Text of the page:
Wonder bread returning to shelves

NEW YORK — Wonder bread is back almost a year after it vanished from shelves.

Flowers Foods Inc., which bought Wonder from the now-defunct Hostess Brands, said the bread started returning to supermarket shelves Monday.

The company, which also makes Tastykake and Nature’s Own bread, snapped up five bread brands after Hostess went out of business late last year. The $355 million deal included Butternut, Home Pride and Merita, which are all returning to shelves along with Wonder.

Keith Aldredge, vice president of marketing at Flowers Foods, said the company is still deciding the fate of the Nature’s Pride bread brand, which was also acquired from Hostess.

The demise of Hostess Brands, which had been troubled by years of management turmoil, sparked an outpouring of nostalgia for treats such as Twinkies, Ding Dongs and Ho Hos. Soon after the company said it was shutting down its factories last November, people headed to shelves and wiped out supplies of Twinkies and other cakes.

Flowers is apparently hoping to tap into that nostalgia.

Aldredge said the company decided to go back to retro packaging for the relaunch of Wonder bread. He also said Flowers decided to use a Wonder recipe from “an earlier time,” although he could not provide details on what that meant or how the bread would be different from what was on shelves most recently.

Despite the nostalgia certain brands may evoke, it’s not unusual for companies to tweak recipes and ingredients over time. The Twinkies on shelves today, for example, have a shelf life of about 45 days, which is nearly three weeks longer than a year ago.

Flowers said Wonder bread is being made at that company’s existing plants. The 20 Hostess plants the company acquired as part of the deal were closed, Aldredge said.

The bread is being distributed in the areas where Flowers currently distributes its products, with hopes of expanding over time. Flowers Foods, which based in Thomasville, Ga., said it reaches about three-quarters of the country.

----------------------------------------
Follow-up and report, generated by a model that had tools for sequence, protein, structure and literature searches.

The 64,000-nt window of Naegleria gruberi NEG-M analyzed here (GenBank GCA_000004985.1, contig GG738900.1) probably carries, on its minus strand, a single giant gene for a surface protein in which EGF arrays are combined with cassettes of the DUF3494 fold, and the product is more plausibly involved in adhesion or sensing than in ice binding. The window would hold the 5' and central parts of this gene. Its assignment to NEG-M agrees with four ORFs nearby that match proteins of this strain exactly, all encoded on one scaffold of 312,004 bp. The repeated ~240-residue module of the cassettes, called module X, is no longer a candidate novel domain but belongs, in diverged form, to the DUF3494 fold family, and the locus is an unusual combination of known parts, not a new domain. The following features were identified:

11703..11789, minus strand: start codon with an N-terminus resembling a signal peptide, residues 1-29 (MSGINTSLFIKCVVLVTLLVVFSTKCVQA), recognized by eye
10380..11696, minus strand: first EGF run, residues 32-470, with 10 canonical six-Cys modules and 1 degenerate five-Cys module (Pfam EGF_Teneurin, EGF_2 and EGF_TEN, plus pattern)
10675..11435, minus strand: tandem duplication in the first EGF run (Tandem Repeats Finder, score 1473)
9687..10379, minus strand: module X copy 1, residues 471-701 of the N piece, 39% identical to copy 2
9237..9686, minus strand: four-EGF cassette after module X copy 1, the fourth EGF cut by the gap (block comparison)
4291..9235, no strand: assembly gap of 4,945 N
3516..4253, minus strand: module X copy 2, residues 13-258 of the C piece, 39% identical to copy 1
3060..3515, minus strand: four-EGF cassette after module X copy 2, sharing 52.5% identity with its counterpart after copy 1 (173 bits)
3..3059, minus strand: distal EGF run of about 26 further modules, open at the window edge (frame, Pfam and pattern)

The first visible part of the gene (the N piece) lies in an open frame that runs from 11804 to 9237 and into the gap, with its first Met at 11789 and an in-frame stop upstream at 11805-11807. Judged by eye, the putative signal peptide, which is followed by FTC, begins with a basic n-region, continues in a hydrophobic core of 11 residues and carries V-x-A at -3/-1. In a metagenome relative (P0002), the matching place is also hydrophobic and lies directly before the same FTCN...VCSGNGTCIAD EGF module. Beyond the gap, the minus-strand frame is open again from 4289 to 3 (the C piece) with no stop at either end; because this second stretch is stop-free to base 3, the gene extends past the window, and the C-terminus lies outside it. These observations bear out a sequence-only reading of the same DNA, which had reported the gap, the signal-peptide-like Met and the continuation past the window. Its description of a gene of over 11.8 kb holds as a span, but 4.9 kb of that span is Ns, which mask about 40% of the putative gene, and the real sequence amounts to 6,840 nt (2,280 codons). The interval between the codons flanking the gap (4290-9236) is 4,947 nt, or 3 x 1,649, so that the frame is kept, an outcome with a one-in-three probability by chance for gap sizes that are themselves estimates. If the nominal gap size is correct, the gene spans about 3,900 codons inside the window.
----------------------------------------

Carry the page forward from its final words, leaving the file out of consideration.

More in Herald Business Journal

Nordstrom suspends buyout after struggling to get financing

A buyout was meant to help the company continue turnaround efforts outside the glare of market scrutiny.

More self-awareness could help build a better medical system

Marcy Shimada of Edmonds Family Medicine writes the second in a series about fixing our health care system.

Scratch-and-sniff brochures aimed to prevent disaster

Puget Sound Energy has distributed more than a million scratch-and-sniff brochures to… Continue reading

Jewelry, accessories store Fuego opens second site in Snohomish County

Northwest-based jewelry, accessories and gifts store Fuego opened a new outlet store… Continue reading

Extreme cleaning company Steri-Clean opens in Mukilteo

The first Washington franchise of the Steri-Clean company will celebrate its grand… Continue reading

Justices to hear government’s email dispute with Microsoft

A lower court ruled emails in a drug case couldn’t be searched because they were in Ireland.

Bombardier to partner with Airbus on C Series program

The move by Bombardier could possibly circumvent duties being imposed on the C Series.

Everett’s Access Laser sells majority stake to German company

Everett firm with 50 employees makes lasers for scientific, medical fields and self-driving vehicles

Most Read